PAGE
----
The United States Supreme Court will hear arguments on Monday in a case involving the birthplace of a 12-year-old American boy born in Jerusalem in 2002, according to media reports. The parents of the boy, who reportedly filed a lawsuit in 2003, contend that, under an American law passed in 2002, U.S. citizens born in Jerusalem should have Israel listed as their birthplace on passports.

The parents of Menachem Zivotofsky -- a Jerusalem born U.S. citizen -- have reportedly invoked the law passed under the Bush administration in 2002 that allows the birthplace of American citizens born in Jerusalem to be listed as Israel. However, the Bush administration, as well as the Obama government, have refused to enforce the law, calling it an infringement of the president’s prerogative to recognize a foreign nation, according to media reports.

The Zivotofskys, on the other hand, have reportedly termed the passport policy “unjust and discriminatory,” and said that changing it would not hurt U.S. foreign policy.

The case before the Supreme Court is a potential diplomatic minefield for the U.S. government, which has so far refused to recognize Israel’s claims over Jerusalem -- a city that lies at the center of Israel’s conflict with Palestine. The U.S. government is reportedly concerned that the law, if enforced, could be interpreted as an endorsement of Israel’s claim over Jerusalem, undermining its credibility in mediating peace talks between Israel and Palestine.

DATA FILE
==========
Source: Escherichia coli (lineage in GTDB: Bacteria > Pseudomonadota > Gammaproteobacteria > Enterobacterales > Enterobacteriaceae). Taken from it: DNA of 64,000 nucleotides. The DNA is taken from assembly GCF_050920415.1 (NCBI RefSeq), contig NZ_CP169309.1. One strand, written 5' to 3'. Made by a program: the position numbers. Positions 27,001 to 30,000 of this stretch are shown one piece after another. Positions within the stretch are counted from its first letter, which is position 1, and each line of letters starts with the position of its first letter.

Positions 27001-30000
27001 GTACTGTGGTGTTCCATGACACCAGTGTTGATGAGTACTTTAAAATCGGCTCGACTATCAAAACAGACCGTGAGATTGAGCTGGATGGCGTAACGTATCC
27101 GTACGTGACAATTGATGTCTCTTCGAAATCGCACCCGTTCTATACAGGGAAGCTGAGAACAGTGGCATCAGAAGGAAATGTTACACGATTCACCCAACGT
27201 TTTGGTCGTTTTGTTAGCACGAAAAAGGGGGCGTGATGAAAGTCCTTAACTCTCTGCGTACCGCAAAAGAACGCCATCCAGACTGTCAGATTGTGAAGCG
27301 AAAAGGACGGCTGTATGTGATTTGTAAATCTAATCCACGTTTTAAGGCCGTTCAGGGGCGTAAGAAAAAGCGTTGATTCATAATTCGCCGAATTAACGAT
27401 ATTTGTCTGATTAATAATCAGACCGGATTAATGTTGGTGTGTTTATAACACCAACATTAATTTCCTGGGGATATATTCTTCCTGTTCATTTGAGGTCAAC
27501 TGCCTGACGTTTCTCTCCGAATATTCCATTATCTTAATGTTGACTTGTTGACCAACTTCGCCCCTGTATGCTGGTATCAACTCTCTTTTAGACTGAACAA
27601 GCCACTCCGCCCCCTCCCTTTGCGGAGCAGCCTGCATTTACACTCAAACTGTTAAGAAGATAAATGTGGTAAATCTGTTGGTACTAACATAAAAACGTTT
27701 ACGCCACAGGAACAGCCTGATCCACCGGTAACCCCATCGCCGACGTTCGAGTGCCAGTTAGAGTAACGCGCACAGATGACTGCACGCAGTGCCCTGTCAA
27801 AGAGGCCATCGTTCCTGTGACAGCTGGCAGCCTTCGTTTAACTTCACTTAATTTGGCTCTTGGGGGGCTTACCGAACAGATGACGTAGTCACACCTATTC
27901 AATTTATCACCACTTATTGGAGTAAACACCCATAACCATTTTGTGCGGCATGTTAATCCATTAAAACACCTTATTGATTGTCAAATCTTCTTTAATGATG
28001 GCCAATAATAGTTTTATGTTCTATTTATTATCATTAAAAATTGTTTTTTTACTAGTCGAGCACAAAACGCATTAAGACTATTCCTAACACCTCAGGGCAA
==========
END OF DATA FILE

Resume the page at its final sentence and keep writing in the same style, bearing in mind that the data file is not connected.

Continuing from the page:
The case comes before the Supreme Court at a time of simmering tensions in and around East Jerusalem, which has witnessed several clashes between Palestinian protesters and Israeli security forces in recent weeks.

Israel regards Jerusalem as its capital, but most countries, including the U.S., have refused to recognize that claim. Palestinians also want East Jerusalem, captured by Israel during the Six-Day War in 1967, as the capital of their future state, making the question of Jerusalem a key sticking point in negotiations between the two.